Photo: AFP/Nicolas Asfouri
Australians lack confidence in Donald Trump and Xi Jinping. Photo: AFP/Nicolas Asfouri

The Republicans managed to avoid the worst-case scenario in the US midterm elections on Tuesday, outperforming many polls in Senate and gubernatorial races and picking up three seats in the upper chamber in the process. But the Democrats’ win in the House of Representatives will still put a leash on the president, and that might translate into pressure for Donald Trump to drop the trade war.

That is the opinion of JPMorgan strategist Marko Kolanovic, who wrote in a note on Wednesday that the “anti-business” agenda that emerged during Trump’s second year in office was not supported by a red wave that could have helped the Republicans maintain control of the House.

That means that Trump has few choices to help keep the economy churning, except for backing down from a trade war that is weighing on the economy.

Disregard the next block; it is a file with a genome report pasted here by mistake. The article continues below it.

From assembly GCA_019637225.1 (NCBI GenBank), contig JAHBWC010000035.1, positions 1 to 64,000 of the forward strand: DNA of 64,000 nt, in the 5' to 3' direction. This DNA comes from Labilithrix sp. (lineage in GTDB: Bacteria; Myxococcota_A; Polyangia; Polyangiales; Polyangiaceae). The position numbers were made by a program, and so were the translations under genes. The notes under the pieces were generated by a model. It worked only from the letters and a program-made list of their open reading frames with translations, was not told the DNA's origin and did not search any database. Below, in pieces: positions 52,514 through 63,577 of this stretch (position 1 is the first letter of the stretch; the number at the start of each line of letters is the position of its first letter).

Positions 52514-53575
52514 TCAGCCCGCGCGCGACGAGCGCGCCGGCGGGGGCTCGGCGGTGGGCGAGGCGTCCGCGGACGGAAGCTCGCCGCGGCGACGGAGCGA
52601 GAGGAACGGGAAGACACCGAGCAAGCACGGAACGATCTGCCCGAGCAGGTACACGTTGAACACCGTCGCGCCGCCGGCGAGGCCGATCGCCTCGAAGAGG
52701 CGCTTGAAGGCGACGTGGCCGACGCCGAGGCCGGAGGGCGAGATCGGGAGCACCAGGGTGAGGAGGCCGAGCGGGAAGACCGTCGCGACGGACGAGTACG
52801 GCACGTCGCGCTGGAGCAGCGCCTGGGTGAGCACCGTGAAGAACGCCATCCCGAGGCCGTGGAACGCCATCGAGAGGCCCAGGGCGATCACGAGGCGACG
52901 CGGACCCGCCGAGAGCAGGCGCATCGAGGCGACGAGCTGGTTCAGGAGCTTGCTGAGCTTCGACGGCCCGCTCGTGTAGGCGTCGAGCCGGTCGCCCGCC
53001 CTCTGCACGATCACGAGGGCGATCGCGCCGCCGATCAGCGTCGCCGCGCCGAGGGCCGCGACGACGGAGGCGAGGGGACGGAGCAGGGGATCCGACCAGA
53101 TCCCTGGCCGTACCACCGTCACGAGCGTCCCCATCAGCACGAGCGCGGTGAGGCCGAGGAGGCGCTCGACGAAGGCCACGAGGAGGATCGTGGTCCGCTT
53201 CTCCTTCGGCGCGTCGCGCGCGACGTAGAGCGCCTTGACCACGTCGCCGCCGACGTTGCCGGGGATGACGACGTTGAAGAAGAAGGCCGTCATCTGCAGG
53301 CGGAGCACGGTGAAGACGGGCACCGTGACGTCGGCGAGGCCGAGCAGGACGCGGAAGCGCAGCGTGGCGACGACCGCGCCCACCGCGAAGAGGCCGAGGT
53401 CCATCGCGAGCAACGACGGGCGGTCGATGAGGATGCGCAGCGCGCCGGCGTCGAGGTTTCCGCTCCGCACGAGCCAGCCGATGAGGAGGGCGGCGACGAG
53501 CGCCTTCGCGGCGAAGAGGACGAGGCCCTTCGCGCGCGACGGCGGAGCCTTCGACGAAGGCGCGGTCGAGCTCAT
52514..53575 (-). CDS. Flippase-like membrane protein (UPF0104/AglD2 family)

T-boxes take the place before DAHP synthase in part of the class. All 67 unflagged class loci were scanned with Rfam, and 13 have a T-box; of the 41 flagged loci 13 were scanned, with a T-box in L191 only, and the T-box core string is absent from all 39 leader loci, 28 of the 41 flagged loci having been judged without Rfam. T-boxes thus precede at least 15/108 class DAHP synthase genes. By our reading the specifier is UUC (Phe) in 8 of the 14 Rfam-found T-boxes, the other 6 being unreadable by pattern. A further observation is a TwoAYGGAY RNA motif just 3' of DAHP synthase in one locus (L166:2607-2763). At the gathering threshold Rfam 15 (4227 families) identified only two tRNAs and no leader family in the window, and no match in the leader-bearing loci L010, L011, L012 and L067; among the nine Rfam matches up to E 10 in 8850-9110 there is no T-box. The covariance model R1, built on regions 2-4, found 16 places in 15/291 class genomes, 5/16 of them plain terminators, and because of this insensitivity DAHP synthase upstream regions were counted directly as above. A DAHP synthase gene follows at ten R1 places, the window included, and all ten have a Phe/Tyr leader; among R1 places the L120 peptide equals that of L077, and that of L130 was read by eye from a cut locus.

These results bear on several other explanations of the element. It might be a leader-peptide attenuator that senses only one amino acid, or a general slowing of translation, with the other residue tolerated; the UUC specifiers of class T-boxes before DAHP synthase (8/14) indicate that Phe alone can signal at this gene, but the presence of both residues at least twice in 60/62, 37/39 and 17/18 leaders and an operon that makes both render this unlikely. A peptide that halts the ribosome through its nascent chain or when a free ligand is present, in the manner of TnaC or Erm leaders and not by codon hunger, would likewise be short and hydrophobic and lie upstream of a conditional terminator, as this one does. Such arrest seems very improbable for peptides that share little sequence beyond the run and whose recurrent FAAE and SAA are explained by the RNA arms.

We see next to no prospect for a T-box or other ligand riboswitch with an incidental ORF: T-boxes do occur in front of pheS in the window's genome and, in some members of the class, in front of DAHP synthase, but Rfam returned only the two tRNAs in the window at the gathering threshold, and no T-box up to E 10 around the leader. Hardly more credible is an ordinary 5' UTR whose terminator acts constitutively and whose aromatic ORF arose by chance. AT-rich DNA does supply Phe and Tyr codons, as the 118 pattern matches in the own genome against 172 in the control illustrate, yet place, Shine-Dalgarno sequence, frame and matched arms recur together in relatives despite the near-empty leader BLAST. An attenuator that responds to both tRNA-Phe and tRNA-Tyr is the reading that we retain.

“As the president cannot count on Congress or the Fed for more easing, he will need to do what is in his power to keep the economy rolling – drop the damaging trade war and turn it into a winning deal,” Kolanovic wrote, per Bloomberg.

An e-mail from JPMorgan on Friday also noted that, despite avoiding a massive blue wave that had a small chance of handing the Democrats a majority in the Senate, the Republican’s showing in the election was actually worse than any in the last 100 years, adjusted for economic conditions.

The Atlantic’s Derek Thompson explained a striking chart from the investment bank, via Twitter:

The question Trump may be asking himself in the aftermath of the election and in anticipation of further interest-rate increases: “if I lost that many House seats with a strong economy, what will happen in 2020 if the economy tanks?”

With a zero percent chance the Democrats in the House will want to hand him legislative wins to shore up the economy, a deal with China may be his only option.

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